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Proposed bill aims to trade handcuffs for help when it comes to drug use

Supreme Court decision to strike down drug possesion law leaves oppurtunity to shift paradigm

Washington lawmakers have proposed a bill that aims to reform the way we treat substance abuse disorder, and the recent Supreme Court ruling decriminalizing simple drug possession in the state may provide an opportunity to transition from punishing drug users to actually helping them.

The prime sponsor of House Bill 1499, Rep. Lauren Davis (D-Shoreline) testified during a public hearing on Feb. 12 claiming that not only is the state’s current approach to drug abuse disorder “woefully inadequate,” but it is also “incredibly problematic.”

Davis said that arresting and incarcerating individuals suffering from substance abuse disorder does little to help them cease the use of drugs and is far more likely to exacerbate the sense of social isolation, shame and lack of connection that all serve as underlying causes of substance abuse.

Additionally, she said drug related felony charges only present an obstacle to obtaining employment and housing, two things that have been shown to be critical to addiction recovery.

Davis argued that those suffering from addiction deserve “help, not handcuffs.”

Davis’s co-sponsor to the bill, Rep. Kirsten Harris-Talley (D-Seattle) said behavioral health services and programs are usually not offered to a person in need until after they are booked in the criminal justice system.

“It is a disease, it is a disorder, and it is the only illness we treat with criminalization,” Harris-Talley said.

She says this bill would expand access to behavioral health services, allow for better inter-system coordination and provide better pathways to recovery as an alternative to arrest.

The bill as written now would not only require the Health Care Authority to develop a substance use recovery services plan to assist persons with substance use disorder in accessing treatment and recovery services, it also includes provisions that require training for law enforcement officers to better interact with persons with substance use disorders and even to refer them to to treatment and recovery services.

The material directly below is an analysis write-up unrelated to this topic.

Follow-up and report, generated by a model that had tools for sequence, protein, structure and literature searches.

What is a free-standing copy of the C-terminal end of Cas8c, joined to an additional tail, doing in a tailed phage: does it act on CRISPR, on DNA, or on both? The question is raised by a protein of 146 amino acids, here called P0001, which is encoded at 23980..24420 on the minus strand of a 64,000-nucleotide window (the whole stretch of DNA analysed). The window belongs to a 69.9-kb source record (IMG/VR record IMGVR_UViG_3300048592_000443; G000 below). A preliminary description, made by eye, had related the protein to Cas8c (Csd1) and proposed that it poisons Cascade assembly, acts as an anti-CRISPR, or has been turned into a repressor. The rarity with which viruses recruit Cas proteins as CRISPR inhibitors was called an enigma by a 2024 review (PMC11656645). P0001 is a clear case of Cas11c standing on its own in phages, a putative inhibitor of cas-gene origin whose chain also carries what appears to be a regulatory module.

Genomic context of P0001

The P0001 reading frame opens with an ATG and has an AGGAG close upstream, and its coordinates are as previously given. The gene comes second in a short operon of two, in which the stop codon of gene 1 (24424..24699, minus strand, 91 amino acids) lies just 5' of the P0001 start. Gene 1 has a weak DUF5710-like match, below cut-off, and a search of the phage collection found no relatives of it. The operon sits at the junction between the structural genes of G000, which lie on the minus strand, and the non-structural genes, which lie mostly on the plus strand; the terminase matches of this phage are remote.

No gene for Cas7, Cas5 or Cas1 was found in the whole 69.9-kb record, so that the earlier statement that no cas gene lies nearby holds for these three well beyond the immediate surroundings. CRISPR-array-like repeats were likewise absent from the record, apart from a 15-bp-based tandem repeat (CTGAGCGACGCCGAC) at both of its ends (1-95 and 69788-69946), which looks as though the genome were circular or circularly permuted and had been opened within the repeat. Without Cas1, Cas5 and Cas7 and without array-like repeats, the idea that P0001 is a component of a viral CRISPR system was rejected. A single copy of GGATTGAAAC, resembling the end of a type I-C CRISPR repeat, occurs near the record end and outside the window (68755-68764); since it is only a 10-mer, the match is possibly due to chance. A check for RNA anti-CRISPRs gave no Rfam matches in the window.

Harris-Talley said the new policy would require more behavioral health resources, practitioners and specialists to accommodate the increased amounts of patients this bill would spur.

“We have the start, but to scale up we will need a lot more investment,” she said.

The bill would have also decriminalized “personal use amounts,” of illicit substances, but a recent Washington State Supreme Court ruling in Washington v. Blake struck down the state’s simple possession statute, essentially decriminalizing drug possession anyway.

Harris-Talley said she believed the Washington v. Blake ruling was the “right decision,” as it showed how the current drug possession laws only proliferate and accelerate the incarceration of those suffering from an otherwise treatable illness.

She also suggested that the timing of the court’s decision may prove to be a convenient time to implement a policy and paradigm shift away from punishing substance abuse to treating it instead.


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